Tag Archives: stories

Write an Incentive Post to Kick-start Your Writing Goals

Black Hole

Where did the time go?

Sometimes I need little extra push to get myself pointed in the right direction. There are countless methods out there that proclaim to cure a writer of their creative blocks, or motivate even the most lethargic pencil pusher.

Nostrums! Snake Oil! Autism-causing vaccinations! OK, maybe not that last one.

As a slacker fueled by distractions, I have attempted just about every method out there to escape the event horizon of the anti-productivity black hole. Yet, even my ever-increasing mass does not seem to attract enough accountability to keep me from ignoring the goal all together and justifying my inaction.

Something a little more drastic must be done.

Continue reading

Apple’s Jan. 27 Media Event Creates More Tablet Rumors Than You Can Shake a Stick At

Apple Event Invitation

Alright, Let's See It.

It is that time again, time for Apple fanboys to go all out and present as many unfounded rumors as they can possibly muster in a week’s time.

The time leading up to a new Apple presentation has historically been filled with massive amounts of wild stories about what new shiny product the Cupertino powerhouse corporation will be coming out with next.

Though I understand everyone’s enthusiasm for the upcoming event and the possibility of an Apple-branded tablet PC, I think that I am once again going to be underwhelmed by the news. Here’s why.

Continue reading

A Night To Remember

Recently, Frostburg State University’s Center for Creative Writing held a community writing contest which focused on short “Spooky Stories”.

It’s been a long while since I’ve written something creative, so I thought I would make an attempt at this contest without regard for the prize. So, I set out and wrote this story in about 2 hours.

My wonderful wife also wrote a very exciting and subtle story for this contest. I think, for me at least, the knowledge that we were both working toward the same goal excited me, and made each keystroke that much more meaningful.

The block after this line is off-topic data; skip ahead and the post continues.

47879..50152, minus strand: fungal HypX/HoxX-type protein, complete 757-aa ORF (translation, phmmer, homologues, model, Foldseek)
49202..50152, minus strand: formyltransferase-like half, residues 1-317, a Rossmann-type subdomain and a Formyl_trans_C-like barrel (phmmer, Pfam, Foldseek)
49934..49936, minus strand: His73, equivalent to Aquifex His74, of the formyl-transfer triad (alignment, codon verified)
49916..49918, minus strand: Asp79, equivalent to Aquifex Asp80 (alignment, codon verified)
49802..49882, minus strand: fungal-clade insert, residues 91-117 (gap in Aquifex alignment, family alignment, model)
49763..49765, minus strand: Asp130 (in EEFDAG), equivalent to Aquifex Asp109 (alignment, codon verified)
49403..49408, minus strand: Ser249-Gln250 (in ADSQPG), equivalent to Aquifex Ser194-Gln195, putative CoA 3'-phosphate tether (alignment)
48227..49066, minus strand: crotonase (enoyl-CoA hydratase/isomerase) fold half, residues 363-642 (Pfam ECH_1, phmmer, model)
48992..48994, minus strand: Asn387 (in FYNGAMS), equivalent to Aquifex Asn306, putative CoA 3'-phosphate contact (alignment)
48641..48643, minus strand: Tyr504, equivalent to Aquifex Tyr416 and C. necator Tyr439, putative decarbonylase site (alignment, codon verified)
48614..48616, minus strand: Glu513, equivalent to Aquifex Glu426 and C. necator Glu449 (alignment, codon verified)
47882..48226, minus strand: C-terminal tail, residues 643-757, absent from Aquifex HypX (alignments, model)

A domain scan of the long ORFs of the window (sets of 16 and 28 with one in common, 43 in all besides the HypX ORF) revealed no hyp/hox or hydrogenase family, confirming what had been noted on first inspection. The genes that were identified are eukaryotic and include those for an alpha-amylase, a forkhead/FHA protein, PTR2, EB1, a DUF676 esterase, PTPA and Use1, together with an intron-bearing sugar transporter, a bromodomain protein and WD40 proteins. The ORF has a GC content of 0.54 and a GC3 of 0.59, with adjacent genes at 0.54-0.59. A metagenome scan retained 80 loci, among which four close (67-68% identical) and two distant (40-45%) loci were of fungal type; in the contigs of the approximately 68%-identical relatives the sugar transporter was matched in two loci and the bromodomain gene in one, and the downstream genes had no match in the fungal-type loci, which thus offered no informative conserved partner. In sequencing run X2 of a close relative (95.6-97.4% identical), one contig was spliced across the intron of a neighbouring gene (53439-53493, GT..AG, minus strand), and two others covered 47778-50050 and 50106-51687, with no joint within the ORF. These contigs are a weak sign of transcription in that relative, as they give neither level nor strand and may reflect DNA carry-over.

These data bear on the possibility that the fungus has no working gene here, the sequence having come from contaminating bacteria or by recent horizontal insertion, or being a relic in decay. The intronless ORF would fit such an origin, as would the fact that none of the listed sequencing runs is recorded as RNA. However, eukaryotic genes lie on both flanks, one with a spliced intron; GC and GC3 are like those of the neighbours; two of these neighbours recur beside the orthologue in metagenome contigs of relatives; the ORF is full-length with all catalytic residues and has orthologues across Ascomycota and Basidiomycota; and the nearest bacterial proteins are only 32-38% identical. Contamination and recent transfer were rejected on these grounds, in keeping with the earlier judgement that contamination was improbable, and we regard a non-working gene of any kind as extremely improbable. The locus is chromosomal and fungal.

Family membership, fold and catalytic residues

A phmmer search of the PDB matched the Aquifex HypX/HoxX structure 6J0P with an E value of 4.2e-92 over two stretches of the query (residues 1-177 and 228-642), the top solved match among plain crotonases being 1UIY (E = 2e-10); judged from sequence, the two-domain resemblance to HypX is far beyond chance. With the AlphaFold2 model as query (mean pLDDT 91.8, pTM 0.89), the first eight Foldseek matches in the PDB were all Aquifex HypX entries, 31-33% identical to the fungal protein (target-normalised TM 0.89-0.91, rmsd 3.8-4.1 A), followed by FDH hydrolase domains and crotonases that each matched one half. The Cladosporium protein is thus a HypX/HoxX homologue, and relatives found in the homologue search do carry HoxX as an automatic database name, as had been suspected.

So, this past week was the due date, and I submitted both of our stories for the contest. Hit the jump to read my story, and feel free to leave comments.
Continue reading

Writer’s Guilt



Every creative person before me has identified and dealt with a little issue that I’m going to call Writer’s Guilt.  Writers Guilt occurs in two distinct–yet definitely intertwined–forms.

It occurs to me that everyone with a creative pursuit must go through this ordeal and come away making a choice in either direction.  I have yet to make that choice, and end up doing 50% on both sides of the coin, rather than picking one and going full force.

What can I do about this?  Let’s first identify the two sides of the story, then we’ll do a little research to find out what ways other writers suggest to get past this social and personal road block.

Continue reading

Software Spotlight: RadicalCodex

RadicalCodex 1.0

RadicalCodex 1.0

There has been a lot of controversy lately about the viability of commercial, closed source applications running on Linux as a platform. The purists believe that all closed source applications are inherently evil, and should not be allowed to run on Linux, as it spoils the world of freedom. The other side of the coin are the people thinking about the future of Linux as a viable platform for even our grandparents to use.

I subscribe to the latter point of view. I’d like to point out one amazingly awesome piece of closed source commercial software for Linux.

Continue reading

The Challenge of Rewriting

On the fourth day of the New Year’s 30 Day Challenge, I’ve decided to take a look at the first chapter of my novel, Dimenxia, which I wrote 4 years ago. I’ve never had to do a substantial rewrite of a piece of literature before, and I decided to share my ideas to potentially help out other authors going through the process.

Continue reading

Why Blame the Instrument?

I have been thinking a lot lately about the old adage:

It is a poor musician who blames his instrument

I find that our generation is plagued by this notion, and I certainly am not free of this burden.